" Hence, in the faith that unites us to the cross of Christ, we are freed of our sins; we put aside all fear and dread, as unbefitting those who are loved (cf. 1 Jn 4:18). “Whenever we look to Mary, we come to believe once again in the revolutionary nature of love and tenderness. In her, we see that humility and tenderness are not virtues of the weak but of the strong, who need not treat others poorly in order to feel important themselves… This interplay of justice and tenderness, of contemplation and concern for others, is what makes the ecclesial community look to Mary as a model of evangelization” (Ap. Exhort. Evangelii Gaudium, 288). With Mary, may each of us become a sign and sacrament of the mercy of God, who pardons always and pardons everything. "
And he concluded with a re-reading of the Magnificat, entrusted to every believer: " Hence, in the faith that unites us to the cross of Christ, we are freed of our sins; we put aside all fear and dread, as unbefitting those who are loved (cf. 1 Jn 4:18). “Whenever we look to Mary, we come to believe once again in the revolutionary nature of love and tenderness. In her, we see that humility and tenderness are not virtues of the weak but of the strong, who need not treat others poorly in order to feel important themselves… This interplay of justice and tenderness, of contemplation and concern for others, is what makes the ecclesial community look to Mary as a model of evangelization” (Ap. Exhort. Evangelii Gaudium, 288). With Mary, may each of us become a sign and sacrament of the mercy of God, who pardons always and pardons everything. ".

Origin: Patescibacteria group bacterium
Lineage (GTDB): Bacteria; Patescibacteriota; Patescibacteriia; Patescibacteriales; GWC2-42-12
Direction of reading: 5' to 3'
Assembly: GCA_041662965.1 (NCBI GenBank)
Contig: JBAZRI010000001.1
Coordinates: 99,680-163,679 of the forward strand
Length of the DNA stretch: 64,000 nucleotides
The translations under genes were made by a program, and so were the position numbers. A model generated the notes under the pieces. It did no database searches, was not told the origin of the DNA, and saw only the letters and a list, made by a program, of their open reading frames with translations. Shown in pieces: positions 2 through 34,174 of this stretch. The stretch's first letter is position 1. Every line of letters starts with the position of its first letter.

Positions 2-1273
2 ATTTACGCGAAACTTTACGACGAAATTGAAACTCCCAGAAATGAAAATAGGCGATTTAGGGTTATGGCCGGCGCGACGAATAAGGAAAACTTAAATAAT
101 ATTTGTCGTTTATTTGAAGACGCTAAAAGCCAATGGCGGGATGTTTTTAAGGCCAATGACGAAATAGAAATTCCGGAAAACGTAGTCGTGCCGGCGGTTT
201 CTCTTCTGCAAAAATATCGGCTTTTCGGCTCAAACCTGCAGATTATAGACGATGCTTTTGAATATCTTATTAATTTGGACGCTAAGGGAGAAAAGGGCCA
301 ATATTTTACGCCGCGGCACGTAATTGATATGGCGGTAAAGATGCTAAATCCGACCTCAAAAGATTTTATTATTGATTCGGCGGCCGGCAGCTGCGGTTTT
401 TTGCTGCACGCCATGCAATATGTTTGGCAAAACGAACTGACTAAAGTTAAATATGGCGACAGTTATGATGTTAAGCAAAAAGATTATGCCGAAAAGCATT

The Pope then participated in the praying of the rosary, prayed in different languages.
At the end of the rosary, the Pope passed through the crowd. Soon after, the Vigil Mass for the feast was celebrated presided over by Card. Pietro Parolin.
Francis was welcomed to the Marian shrine by tens of thousands of people. A prayer that also announces the gospel proclamation, tearing down all walls and crossing every frontier, going out “to all the peripheries, to make known God’s justice and peace".
Nearly a million people witness the canonization of the two children, the youngest in Church history to climb to the glory of the altars without being martyrs. “Our Lady foretold, and warned us about, a way of life that is godless and indeed profanes God in his creatures. Such a life – frequently proposed and imposed – risks leading to hell. Mary came to remind us that God’s light dwells within us and protects us".
In his video-message to the TED 2017 conference, Francis said that scientific and technological progress must not increase the gap between nations and peoples. Instead, the pontiff calls for a "revolution of tenderness", which is "to use our eyes to see the other, our ears to hear the other, to listen to the children, the poor, those who are afraid of the future." He too “was born in a family of migrants” and “could have very well ended up among today’s ‘discarded” people’.” Hence the question, “deep in my heart: ‘Why them and not me?’”
The canonisation will take place during Francis's trip to Portugal. Francisco and Jacinta Marto will be the first children in the history of the Church to be proclaimed saints without being martyrs.